‘Beach Reach’ offers spring breakers rides, gospel conversations

When a group of college students told a restaurant owner in South Padre Island, Texas, what they were doing in town during their spring break mission trip this March, her face lit up. She told them that in 1996, she had been running from God when she accepted a Beach Reach ride. She thought “the last place God would be was in a van,” but that was exactly where she found Him. Today she is a Christ follower.

According to South Padre Island Beach Reach Coordinator Clayton Bullion, who is a staff member with Texas Baptist Student Ministries, student groups today are “reaping the benefits” from previous generations of college students who planted seeds during their spring breaks. “I like to say, ‘What happens on the island doesn’t stay on the island,’ and we saw the effects of that this year,” Bullion reports.

The concept of Beach Reach is simple: Spring breakers are offered a safe transport to their next destination on a van filled with other college students who engage them in gospel conversation during the complimentary ride. Over the course of three weeks in March each year, students from Baptist Collegiate Ministries across the country spend their own spring breaks in either South Padre Island or Panama City Beach, Fla., operating Beach Reach. With the blessing of local officials, they blanket the areas with business cards explaining how the service works, sharing the call center’s number, and an app to schedule the rides between 9 p.m. and 2 a.m.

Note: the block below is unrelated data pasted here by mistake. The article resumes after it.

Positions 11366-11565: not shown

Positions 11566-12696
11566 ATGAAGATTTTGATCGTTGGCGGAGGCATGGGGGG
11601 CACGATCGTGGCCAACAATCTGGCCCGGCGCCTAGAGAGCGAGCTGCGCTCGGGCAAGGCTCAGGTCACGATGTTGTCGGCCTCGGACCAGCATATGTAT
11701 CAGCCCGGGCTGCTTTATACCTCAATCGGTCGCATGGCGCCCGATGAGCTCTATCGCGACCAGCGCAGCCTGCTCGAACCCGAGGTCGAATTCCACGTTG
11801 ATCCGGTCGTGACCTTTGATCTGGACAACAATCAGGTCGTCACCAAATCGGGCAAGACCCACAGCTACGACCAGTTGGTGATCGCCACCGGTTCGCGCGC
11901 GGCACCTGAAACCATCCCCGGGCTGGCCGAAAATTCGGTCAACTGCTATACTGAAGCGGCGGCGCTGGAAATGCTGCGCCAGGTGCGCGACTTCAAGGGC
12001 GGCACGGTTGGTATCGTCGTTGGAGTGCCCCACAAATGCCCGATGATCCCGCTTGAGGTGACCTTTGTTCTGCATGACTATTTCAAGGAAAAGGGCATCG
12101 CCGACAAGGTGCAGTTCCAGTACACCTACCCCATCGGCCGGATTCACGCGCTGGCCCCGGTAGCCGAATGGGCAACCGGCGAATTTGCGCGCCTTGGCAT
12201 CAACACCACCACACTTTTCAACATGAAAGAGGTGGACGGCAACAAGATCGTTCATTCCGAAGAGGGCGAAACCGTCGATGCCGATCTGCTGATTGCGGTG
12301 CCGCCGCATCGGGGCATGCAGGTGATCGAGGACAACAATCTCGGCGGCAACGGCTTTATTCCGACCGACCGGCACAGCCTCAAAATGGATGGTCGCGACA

Students engage in gospel conversations during van rides, offering prayer, and many college students pray to receive Christ.

“Beach Reach started in Panama City almost 30 years ago,” explains Coordinator Mark Whitt, who also serves as the Middle Tennessee State University Baptist Collegiate Ministry director. “The purpose is to share Christ with spring breakers who are often searching for something. We let them know that Jesus can fulfill everything they are looking for.”

The South Padre Beach Reach was started after Panama City’s, and, now that both ministry locations are established, each has strong partnerships with local police and officials who appreciate the annual assistance Beach Reach provides when so many college students flood their cities. Separate teams coordinate details for each Beach Reach site, including student housing and specific service roles for the college groups, which all arrive with their own transportation vans.

This was the first year University of South Carolina Baptist Collegiate Ministry students participated in Beach Reach. Director Adam Venters took 14 students in a rented van to Panama City Beach, where they served alongside teams from Tennessee, Georgia, Indiana, and Ohio. Venters explained that students are trained ahead of time on how to have gospel conversations, pray with riders, share the plan of salvation, and capture contact information for follow-up. Each team member riding in the van also has a role, including two who sit in “hot seats” that start conversations, and several who open doors or act as security.

Sarah, a quiet member of Venters’ team, had the goal to share the gospel more confidently at Beach Reach. Students have to make the most of the roughly 10-minute van rides, so Sarah started talking with one female rider by asking simple questions that led to a conversation. Before the rider exited, Sarah promised to pray for the things the girl had shared and for God to show her that He was real.